Today, let's take a look at debates that do not involve Barack Obama and Mitt Romney. You can thank me later. I am talking about the races for the U.S. Senate, people!
There are 33 Senate contests this year, although voters in some of the states may not have noticed them. In Texas, for instance, Democrat Paul Sadler has had a tough time getting any attention in his battle against Tea Party favorite Ted Cruz. Except, perhaps, when he called Mr. Cruz a "troll" in their first debate.
In Utah, Democrat Scott Howell has been arguing that if the 78-year-old Sen. Orrin Hatch wins, he might "die before his term is through." Suggesting a longtime incumbent is over the hill is a venerable election technique, but you are supposed to be a little more delicate about it.
Nobody in Massachusetts could have missed the fact that there's a Senate race going on. In their last debate, Scott Brown and Elizabeth Warren sounded like two angry squirrels trapped in a small closet. A high point came when the candidates were asked to name their ideal Supreme Court justice. "That's a great question!" Sen. Brown said brightly, in what appeared to be a stall for time. He came up with Antonin Scalia. Then, after boos from the audience, Mr. Brown added more names -- until he had picked about half the current court, from John Roberts to Sonia Sotomayor.
There are only about a dozen Senate races in which there is serious suspense about who's going to win. To the Republicans' dismay, many are in states that were supposed to be a lock for the GOP.
Tea Party pressure produced several terrible candidates. We have all heard about Todd Akin in Missouri, who claimed after a recent debate that Sen. Claire McCaskill wasn't sufficiently "ladylike." Since then, Mr. Akin has doubled down on a claim that doctors frequently perform abortions on women who aren't pregnant.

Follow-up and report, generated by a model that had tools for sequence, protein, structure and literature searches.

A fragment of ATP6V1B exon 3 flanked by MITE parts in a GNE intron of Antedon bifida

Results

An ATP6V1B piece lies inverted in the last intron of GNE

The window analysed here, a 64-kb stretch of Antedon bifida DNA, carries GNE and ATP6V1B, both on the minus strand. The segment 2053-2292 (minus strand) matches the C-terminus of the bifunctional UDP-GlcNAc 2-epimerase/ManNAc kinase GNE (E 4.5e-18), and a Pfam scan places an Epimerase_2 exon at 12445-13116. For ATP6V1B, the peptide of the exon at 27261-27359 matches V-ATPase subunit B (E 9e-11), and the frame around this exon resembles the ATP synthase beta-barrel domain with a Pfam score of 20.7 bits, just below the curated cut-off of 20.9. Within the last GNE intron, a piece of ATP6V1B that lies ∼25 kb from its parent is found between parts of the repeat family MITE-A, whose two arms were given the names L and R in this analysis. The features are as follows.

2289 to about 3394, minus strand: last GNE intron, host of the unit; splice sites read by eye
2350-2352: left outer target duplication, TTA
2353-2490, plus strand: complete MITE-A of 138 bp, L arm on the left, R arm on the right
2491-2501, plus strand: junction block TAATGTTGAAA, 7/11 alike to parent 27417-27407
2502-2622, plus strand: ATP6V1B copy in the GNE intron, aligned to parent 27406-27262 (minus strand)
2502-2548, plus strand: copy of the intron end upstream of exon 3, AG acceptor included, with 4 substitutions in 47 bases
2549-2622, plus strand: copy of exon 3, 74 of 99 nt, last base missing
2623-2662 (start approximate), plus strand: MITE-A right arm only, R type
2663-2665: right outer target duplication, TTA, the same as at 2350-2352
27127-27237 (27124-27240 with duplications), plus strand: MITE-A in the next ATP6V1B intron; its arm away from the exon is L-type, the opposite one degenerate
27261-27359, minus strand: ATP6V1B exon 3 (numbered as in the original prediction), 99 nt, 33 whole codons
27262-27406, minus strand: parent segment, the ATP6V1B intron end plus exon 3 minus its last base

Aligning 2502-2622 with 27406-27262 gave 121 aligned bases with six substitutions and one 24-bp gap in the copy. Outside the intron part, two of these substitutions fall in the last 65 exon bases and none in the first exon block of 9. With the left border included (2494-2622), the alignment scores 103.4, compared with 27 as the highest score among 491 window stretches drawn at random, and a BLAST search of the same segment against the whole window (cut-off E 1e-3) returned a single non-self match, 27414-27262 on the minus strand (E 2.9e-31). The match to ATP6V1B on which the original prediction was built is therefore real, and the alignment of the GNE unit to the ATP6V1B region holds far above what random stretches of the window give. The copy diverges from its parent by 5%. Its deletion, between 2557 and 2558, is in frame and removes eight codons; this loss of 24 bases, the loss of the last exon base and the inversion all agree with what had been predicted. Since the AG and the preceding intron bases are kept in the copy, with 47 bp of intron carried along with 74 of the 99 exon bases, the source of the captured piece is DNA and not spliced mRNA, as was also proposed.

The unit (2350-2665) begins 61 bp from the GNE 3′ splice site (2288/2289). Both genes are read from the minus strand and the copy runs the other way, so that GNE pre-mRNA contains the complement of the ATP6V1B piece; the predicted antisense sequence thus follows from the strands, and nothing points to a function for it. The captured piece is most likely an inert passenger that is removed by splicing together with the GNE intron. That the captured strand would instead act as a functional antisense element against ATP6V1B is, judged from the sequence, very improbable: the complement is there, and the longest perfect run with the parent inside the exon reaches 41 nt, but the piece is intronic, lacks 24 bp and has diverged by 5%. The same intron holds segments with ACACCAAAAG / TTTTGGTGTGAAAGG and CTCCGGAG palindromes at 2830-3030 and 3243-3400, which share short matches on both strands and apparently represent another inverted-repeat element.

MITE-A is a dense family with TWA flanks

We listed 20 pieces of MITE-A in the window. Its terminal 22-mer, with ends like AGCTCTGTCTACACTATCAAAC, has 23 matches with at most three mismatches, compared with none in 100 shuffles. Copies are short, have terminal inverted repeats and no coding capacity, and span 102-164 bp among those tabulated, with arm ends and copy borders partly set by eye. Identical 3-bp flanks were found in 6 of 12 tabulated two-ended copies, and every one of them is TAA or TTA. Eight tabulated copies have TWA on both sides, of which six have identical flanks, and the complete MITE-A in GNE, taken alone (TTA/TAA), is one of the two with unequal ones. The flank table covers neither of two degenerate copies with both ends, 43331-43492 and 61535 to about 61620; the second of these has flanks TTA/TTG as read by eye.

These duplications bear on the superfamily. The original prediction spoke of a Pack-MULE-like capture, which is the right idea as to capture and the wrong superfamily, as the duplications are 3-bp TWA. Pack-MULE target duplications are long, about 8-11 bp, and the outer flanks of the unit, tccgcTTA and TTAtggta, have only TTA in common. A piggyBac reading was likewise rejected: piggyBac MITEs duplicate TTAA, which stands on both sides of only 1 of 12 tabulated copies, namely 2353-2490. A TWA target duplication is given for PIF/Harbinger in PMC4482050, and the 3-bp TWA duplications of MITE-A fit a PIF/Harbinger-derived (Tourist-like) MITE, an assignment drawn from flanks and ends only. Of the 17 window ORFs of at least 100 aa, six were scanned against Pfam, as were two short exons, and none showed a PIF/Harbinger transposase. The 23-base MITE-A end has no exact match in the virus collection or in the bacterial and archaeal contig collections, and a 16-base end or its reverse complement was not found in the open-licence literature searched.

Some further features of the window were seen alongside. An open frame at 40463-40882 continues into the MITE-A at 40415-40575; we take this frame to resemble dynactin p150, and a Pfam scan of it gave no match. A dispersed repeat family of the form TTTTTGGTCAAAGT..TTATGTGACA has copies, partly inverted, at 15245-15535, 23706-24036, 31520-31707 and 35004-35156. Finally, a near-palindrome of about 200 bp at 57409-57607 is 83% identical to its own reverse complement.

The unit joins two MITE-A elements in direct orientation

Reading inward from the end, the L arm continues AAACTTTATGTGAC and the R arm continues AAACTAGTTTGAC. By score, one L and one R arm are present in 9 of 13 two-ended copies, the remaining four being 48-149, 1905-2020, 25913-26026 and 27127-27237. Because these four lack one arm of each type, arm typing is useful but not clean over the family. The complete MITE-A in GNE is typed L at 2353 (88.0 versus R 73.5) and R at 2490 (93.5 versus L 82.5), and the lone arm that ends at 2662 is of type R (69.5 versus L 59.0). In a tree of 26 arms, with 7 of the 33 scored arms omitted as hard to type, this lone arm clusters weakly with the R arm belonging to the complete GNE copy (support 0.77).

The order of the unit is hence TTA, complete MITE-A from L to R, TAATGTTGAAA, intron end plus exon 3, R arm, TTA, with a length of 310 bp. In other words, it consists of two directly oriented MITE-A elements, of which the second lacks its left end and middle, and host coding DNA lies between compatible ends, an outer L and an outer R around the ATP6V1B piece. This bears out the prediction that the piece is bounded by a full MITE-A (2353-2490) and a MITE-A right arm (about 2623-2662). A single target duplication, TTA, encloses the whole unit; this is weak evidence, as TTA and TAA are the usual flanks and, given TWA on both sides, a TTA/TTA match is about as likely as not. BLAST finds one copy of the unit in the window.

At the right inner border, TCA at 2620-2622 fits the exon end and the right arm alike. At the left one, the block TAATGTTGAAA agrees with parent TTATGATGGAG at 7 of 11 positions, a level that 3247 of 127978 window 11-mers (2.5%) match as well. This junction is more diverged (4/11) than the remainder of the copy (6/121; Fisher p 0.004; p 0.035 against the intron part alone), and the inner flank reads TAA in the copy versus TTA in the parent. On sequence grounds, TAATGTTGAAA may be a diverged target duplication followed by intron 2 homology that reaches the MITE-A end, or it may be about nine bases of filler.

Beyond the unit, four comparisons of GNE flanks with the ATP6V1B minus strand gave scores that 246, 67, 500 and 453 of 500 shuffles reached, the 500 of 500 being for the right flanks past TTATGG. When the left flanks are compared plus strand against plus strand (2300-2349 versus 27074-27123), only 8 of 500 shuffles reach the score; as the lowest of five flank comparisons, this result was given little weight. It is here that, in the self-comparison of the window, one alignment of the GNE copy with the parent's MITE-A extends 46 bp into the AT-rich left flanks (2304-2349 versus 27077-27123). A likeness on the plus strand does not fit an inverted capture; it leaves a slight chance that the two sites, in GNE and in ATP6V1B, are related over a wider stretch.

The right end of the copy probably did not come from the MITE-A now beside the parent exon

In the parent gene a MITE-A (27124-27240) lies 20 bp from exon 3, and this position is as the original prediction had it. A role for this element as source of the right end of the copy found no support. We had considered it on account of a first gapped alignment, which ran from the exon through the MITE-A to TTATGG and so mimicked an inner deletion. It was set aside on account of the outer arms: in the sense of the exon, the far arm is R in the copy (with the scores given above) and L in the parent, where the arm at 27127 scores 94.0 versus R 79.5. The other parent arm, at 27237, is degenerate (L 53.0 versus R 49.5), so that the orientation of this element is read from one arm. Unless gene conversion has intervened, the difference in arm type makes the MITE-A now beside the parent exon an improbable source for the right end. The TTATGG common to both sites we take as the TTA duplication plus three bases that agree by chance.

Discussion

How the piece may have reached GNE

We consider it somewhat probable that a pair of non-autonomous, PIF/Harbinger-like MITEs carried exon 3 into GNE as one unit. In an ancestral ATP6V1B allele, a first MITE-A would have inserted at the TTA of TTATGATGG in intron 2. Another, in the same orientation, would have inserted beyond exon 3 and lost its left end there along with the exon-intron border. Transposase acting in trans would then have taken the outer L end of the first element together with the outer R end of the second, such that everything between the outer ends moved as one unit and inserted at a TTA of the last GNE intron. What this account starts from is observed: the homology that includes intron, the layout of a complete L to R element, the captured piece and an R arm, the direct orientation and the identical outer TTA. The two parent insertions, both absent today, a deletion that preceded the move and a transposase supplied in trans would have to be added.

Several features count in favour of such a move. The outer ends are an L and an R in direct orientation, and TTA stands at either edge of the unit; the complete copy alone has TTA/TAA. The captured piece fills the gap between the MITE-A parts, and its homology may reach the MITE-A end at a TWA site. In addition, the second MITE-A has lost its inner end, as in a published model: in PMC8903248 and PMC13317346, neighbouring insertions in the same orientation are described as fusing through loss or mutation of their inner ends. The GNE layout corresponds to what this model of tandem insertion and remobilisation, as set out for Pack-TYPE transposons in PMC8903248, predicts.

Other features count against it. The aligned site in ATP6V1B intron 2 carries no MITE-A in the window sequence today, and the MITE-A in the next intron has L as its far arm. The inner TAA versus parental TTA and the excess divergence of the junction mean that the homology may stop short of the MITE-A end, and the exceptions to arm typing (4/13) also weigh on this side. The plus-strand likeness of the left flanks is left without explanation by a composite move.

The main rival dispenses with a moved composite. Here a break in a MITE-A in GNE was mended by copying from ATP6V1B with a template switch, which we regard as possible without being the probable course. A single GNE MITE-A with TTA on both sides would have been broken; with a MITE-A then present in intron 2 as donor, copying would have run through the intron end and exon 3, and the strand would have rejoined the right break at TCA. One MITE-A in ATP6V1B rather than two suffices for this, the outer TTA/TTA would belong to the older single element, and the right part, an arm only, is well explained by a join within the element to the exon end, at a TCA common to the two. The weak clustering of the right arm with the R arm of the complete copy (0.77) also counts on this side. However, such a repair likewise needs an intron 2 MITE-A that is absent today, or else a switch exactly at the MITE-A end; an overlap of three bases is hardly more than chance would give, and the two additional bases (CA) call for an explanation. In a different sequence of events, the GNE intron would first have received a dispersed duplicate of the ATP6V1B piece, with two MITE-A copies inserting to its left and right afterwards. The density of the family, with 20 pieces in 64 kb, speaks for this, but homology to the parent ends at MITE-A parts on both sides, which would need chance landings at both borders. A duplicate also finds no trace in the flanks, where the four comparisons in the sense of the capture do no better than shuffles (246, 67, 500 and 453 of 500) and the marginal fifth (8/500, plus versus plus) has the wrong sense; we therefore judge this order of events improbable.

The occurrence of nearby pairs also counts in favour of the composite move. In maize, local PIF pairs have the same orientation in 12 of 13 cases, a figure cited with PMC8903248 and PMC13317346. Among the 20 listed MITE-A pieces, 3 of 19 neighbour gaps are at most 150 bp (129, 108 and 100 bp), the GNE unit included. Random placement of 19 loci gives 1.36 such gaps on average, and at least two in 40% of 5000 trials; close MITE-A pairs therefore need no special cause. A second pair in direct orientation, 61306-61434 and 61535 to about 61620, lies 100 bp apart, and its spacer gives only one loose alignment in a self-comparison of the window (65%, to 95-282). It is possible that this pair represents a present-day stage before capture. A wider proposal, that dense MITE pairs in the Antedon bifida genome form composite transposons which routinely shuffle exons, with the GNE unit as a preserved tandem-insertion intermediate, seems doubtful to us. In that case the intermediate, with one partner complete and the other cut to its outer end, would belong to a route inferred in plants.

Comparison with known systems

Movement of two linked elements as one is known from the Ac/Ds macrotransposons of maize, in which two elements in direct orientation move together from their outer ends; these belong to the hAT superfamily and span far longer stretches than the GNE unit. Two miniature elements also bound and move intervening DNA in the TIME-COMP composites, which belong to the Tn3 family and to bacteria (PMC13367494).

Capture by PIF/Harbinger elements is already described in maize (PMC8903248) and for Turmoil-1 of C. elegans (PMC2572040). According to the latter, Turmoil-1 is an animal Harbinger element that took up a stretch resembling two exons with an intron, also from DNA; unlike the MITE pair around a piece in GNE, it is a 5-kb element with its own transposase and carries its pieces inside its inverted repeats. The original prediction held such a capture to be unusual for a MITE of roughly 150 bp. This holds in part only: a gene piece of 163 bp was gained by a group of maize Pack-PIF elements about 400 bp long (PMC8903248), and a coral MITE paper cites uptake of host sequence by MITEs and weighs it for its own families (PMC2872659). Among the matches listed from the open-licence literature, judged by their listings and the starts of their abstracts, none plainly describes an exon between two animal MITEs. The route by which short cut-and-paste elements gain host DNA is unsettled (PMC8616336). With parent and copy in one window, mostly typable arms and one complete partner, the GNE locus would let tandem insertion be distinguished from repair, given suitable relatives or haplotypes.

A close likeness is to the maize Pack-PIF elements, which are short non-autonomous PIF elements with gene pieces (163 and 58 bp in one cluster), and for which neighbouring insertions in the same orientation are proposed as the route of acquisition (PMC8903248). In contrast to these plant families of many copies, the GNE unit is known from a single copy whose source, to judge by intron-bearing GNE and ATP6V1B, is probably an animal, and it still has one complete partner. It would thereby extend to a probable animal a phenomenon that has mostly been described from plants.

In others, the Republicans found awful candidates without any help from the far right.
Sen. Bill Nelson in Florida received the gift of Rep. Connie Mack IV as his Republican opponent, and promptly unveiled an ad calling Mr. Mack "a promoter for Hooters with a history of barroom brawling, altercation and road rage." Mr. Mack's fortunes have been sliding. Recently, while he was greeting voters at a cafe, one elderly couple asked him to get them a menu.
Some Democratic candidates are also turning out to be stronger than anticipated -- like Arizona's Richard Carmona, a Hispanic physician who served as surgeon general under President George W. Bush. Dr. Carmona is a Vietnam combat veteran who worked as a SWAT team leader for the Pima County Sheriff's Department. "In 1992," his campaign biography reports, "he rappelled from a helicopter to rescue a paramedic stranded on a mountainside when their medevac helicopter crashed during a snowstorm, inspiring a made-for-TV movie."
Let that be a lesson. If the Democrats in Texas had just nominated a Hispanic Vietnam combat veteran who saved crash victims and inspired a TV movie, they wouldn't have to depend on debates to get some attention.
The Democrats are getting a nasty surprise in Connecticut, where Rep. Chris Murphy is having a tough time against Republican Linda McMahon, the former professional wrestling mogul. Ms. McMahon has spent $70 million of her own money trying to convince voters that Connecticut needs a senator who knows how to create jobs in a simulated sport awash in violence, sexism and steroid abuse.
Improbable candidates who don't have $70 million for ads can just cobble together something really weird, put it up on the Web and hope it goes viral.
Last time around, Carly Fiorina, who was running in California, created a sensation with "Demon Sheep," featuring an actor wearing a sheep mask with glowing red eyes.
Now, John Dennis, the Republican opponent of the House minority leader, Nancy Pelosi, has a new California sheep-themed conversation-starter. It portrays Ms. Pelosi as the leader of a cult of zombies, preparing a lamb for sacrifice. Then Mr. Dennis breaks in, saves the lamb, calls one of the zombies "Dude," and denounces Ms. Pelosi for supporting the indefinite detention of U.S. citizens who are suspected of being terrorists.
Not your typical Republican. Mr. Dennis ran against Ms. Pelosi before and got 15 percent of the vote. But I feel the zombie ad could well push him up into the 20s.opinion_commentary
Gail Collins is a syndicated columnist for The New York Times.